Daily Science Report 41 -- Friday, 23 March 2012
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As we move into the last week of the cruise, we have finally started to count down the days until we see land again. Following our last update we moved steadily eastwards to two large seamounts: Jahont and R.S.A. While in transit we passed relatively near Gough Island, which is a small, mountainous, windswept island that is home to a South African weather station staffed year-round by a team of about eight hardy technicians and meteorologists. The island’s highest point is about 910 m (3000 ft) and should have been visible from the ship, but unfortunately the weather did not cooperate with us and a grey fog hid everything from sight.
At the moment we are heading slowly northward, alternately dredging a seamount then moving north by one degree to conduct another magnetic survey track. We had good luck on Acushnet Seamount (named after the whaling ship that Herman Melville sailed on), and recovered a large number of rocks, including several with large plagioclase crystals and a well-crystallized groundmass. These characteristics are promising for geochemistry and reliable 40Ar/39Ar dating of the rocks.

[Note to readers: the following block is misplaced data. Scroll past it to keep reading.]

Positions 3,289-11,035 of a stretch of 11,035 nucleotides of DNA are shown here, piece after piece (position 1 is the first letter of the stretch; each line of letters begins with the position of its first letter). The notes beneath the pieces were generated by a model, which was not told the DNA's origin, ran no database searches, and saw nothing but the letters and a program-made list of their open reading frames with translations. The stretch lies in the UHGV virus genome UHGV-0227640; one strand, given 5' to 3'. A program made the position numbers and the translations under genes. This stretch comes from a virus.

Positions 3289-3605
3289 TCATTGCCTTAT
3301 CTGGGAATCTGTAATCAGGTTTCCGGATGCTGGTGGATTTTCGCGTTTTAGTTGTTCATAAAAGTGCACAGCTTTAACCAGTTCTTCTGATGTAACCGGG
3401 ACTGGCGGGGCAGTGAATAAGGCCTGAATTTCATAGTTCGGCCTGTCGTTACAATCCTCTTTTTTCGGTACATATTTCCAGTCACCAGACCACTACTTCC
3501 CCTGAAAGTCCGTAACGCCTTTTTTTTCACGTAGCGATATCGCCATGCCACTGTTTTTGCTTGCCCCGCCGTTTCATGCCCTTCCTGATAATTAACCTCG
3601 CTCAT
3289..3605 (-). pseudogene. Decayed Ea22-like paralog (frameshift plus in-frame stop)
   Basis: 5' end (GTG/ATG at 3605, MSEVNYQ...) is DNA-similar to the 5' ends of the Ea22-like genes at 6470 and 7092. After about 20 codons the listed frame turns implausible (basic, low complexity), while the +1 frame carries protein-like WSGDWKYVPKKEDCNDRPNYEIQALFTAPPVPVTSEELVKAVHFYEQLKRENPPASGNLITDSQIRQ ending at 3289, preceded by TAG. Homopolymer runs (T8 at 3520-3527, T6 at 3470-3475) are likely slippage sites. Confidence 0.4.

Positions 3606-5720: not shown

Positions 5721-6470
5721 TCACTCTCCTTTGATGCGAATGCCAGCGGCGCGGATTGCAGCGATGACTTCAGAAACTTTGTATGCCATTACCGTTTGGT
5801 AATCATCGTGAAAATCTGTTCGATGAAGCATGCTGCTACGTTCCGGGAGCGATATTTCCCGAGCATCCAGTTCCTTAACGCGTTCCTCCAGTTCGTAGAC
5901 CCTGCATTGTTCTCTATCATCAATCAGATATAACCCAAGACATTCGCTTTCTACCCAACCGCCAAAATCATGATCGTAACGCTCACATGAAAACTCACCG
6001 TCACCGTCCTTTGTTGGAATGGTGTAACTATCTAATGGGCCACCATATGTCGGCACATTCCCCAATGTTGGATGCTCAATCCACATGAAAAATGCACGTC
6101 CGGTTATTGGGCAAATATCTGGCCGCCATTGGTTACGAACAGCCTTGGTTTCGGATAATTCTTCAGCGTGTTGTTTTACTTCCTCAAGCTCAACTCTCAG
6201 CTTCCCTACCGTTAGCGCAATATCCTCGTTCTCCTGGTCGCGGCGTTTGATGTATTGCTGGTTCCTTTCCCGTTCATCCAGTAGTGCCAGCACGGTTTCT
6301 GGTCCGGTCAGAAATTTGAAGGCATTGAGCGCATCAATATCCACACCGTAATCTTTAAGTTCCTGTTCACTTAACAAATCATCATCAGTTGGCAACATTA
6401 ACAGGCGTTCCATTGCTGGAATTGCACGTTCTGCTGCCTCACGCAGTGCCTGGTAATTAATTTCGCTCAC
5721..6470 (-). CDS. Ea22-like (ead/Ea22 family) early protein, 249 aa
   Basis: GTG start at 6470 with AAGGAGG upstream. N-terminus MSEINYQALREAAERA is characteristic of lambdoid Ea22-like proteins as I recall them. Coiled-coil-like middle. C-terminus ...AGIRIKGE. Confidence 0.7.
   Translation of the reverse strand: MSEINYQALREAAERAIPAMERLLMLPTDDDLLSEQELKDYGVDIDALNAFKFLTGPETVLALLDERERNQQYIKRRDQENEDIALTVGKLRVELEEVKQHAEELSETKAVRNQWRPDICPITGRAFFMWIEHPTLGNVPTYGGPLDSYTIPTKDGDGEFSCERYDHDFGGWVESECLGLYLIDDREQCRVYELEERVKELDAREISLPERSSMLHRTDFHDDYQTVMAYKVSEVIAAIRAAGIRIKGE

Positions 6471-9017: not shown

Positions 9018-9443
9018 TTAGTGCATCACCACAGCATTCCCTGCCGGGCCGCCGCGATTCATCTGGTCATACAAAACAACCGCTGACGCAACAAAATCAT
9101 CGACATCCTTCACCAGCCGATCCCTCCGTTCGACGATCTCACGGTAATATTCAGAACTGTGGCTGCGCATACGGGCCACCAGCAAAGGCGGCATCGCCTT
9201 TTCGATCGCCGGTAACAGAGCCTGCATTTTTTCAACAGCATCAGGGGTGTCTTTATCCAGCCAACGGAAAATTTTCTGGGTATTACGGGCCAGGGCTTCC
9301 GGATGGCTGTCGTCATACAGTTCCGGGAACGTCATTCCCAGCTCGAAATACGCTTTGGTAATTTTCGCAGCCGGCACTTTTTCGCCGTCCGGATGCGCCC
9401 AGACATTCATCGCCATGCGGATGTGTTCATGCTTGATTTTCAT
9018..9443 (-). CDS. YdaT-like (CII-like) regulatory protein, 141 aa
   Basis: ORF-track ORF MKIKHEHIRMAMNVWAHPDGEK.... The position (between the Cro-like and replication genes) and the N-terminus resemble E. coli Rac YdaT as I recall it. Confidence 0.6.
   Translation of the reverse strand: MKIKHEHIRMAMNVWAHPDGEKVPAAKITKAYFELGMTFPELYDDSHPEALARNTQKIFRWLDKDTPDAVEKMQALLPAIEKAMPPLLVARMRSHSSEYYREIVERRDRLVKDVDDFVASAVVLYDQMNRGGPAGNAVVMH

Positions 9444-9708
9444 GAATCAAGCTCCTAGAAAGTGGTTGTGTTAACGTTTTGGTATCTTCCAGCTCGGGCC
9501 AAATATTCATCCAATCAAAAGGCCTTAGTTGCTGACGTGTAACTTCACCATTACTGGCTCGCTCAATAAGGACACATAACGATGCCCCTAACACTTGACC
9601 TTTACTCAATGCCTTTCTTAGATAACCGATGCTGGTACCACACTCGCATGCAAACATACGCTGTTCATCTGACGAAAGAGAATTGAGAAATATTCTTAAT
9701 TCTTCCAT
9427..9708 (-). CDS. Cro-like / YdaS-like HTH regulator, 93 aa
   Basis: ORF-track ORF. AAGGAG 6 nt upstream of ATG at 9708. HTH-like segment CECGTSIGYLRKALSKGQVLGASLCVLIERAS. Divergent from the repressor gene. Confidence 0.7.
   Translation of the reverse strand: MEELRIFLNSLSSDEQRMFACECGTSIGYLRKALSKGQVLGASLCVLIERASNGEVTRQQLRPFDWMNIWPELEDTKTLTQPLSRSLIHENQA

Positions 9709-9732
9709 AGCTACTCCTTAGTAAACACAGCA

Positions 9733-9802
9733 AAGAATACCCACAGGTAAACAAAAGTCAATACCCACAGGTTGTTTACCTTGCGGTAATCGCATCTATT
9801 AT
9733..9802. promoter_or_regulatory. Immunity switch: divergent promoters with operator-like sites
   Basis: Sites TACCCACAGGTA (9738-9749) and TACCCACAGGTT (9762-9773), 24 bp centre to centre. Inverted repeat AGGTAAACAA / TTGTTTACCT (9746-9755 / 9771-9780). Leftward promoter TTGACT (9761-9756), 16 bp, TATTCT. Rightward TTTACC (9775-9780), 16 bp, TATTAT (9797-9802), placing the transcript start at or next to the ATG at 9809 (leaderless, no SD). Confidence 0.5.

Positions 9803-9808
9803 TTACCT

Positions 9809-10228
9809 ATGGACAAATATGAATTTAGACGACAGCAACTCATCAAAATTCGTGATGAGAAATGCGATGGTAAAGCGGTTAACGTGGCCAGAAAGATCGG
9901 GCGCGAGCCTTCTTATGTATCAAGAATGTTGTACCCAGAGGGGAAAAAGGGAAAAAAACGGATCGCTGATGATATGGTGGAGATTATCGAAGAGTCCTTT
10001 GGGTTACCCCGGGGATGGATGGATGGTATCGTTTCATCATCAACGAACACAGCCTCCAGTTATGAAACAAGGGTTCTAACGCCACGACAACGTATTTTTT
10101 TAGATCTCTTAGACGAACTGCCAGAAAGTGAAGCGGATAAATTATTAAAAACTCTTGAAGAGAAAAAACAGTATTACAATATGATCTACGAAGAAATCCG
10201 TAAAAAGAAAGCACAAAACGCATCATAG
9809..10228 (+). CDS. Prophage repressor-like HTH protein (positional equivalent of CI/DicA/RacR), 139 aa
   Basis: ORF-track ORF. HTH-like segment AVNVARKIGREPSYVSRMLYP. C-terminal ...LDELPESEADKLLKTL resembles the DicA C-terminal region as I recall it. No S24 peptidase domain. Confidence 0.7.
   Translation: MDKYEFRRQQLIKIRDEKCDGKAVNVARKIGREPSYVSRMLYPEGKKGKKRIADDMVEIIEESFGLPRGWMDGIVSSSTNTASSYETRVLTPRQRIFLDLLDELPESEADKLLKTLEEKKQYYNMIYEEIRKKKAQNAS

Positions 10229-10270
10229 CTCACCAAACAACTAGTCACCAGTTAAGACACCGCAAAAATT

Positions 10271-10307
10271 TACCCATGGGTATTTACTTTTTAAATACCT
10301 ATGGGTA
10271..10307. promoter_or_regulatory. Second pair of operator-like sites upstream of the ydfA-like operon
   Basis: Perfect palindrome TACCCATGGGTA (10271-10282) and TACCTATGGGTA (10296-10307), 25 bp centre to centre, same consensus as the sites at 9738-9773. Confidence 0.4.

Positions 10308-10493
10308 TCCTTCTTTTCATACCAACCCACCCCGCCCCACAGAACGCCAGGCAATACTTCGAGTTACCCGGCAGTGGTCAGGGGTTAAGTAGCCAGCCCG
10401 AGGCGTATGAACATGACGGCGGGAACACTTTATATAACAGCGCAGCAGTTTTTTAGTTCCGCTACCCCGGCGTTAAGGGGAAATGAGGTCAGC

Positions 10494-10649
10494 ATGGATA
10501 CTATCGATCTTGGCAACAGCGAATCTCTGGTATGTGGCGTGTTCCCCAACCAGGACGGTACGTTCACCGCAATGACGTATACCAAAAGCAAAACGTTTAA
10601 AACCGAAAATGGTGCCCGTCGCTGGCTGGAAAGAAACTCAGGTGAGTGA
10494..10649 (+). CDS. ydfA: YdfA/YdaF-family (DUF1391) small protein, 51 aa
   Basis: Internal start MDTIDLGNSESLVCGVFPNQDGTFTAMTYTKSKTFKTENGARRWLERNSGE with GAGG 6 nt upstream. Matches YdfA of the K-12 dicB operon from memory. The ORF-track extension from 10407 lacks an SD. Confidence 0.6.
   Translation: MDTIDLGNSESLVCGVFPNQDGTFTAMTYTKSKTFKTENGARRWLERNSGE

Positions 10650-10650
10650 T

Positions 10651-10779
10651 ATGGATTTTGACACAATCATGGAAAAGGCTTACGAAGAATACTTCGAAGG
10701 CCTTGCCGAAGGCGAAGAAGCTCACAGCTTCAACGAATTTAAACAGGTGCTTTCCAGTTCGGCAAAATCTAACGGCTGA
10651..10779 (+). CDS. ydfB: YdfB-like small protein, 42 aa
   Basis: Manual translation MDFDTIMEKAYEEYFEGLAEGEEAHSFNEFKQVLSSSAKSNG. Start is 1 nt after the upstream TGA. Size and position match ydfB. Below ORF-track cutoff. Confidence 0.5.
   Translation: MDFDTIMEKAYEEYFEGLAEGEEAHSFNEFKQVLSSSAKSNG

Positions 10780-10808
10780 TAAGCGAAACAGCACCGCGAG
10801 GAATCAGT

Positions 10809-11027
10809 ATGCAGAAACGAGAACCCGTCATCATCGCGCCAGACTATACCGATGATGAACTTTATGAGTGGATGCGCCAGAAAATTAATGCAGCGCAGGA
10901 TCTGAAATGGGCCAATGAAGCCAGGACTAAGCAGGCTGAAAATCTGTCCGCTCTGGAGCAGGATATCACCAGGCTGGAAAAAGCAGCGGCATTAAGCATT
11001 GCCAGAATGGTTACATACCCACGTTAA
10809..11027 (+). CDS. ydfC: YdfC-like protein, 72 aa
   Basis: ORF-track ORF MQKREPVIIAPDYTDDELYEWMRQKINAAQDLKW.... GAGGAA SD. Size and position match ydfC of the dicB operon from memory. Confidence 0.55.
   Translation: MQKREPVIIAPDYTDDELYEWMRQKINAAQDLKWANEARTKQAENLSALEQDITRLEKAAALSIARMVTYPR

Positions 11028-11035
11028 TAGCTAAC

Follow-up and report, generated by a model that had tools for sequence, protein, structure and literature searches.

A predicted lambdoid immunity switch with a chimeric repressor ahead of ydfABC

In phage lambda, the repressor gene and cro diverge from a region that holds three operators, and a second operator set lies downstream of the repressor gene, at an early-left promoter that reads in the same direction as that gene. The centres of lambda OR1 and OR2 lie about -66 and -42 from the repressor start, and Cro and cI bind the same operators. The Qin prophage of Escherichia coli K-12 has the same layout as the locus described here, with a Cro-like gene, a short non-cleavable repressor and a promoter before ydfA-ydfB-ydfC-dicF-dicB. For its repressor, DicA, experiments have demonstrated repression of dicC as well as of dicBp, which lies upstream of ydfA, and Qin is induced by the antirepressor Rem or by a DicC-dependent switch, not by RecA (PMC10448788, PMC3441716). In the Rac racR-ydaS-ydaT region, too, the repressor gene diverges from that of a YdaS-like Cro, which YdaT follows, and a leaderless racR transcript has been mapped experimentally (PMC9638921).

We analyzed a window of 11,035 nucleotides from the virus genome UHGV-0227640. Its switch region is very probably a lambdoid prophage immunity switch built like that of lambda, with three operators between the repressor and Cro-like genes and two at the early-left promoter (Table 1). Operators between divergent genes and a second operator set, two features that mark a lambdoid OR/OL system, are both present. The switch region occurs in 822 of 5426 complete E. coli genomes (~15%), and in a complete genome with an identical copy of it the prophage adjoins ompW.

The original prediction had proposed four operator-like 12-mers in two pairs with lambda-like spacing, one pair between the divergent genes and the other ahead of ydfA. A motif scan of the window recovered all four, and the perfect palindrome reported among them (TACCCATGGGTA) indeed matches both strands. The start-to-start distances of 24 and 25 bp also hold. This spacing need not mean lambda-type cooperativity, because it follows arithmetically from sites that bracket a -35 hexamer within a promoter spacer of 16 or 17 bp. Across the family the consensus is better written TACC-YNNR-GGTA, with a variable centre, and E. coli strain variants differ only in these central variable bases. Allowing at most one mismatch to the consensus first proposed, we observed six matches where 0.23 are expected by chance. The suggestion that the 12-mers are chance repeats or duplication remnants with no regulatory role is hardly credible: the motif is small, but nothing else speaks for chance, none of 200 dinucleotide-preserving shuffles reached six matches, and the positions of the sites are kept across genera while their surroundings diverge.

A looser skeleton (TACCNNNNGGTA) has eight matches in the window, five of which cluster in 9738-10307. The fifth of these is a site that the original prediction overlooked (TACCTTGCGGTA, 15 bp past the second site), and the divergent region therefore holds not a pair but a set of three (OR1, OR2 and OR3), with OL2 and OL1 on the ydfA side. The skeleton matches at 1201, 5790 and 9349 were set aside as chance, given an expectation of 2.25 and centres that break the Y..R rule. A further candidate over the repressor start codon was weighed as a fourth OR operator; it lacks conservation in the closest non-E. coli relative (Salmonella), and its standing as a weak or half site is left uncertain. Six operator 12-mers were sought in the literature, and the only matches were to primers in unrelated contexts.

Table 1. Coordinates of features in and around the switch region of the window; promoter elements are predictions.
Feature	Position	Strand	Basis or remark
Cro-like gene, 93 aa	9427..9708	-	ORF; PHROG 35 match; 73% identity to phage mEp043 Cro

We have four dredges remaining, after which we will need to start our three-day steam home to Cape Town. Our estimated arrival time in port is sometime early in the morning on Friday, 30 March. The three days of transit will be used to pack up our supplies, our computers and all the rocks we have collected on this trip. These will be packed into large crates in Cape Town and shipped back to the US. High priority samples will be sent by air freight so we can start processing them as soon as possible after returning to our respective universities.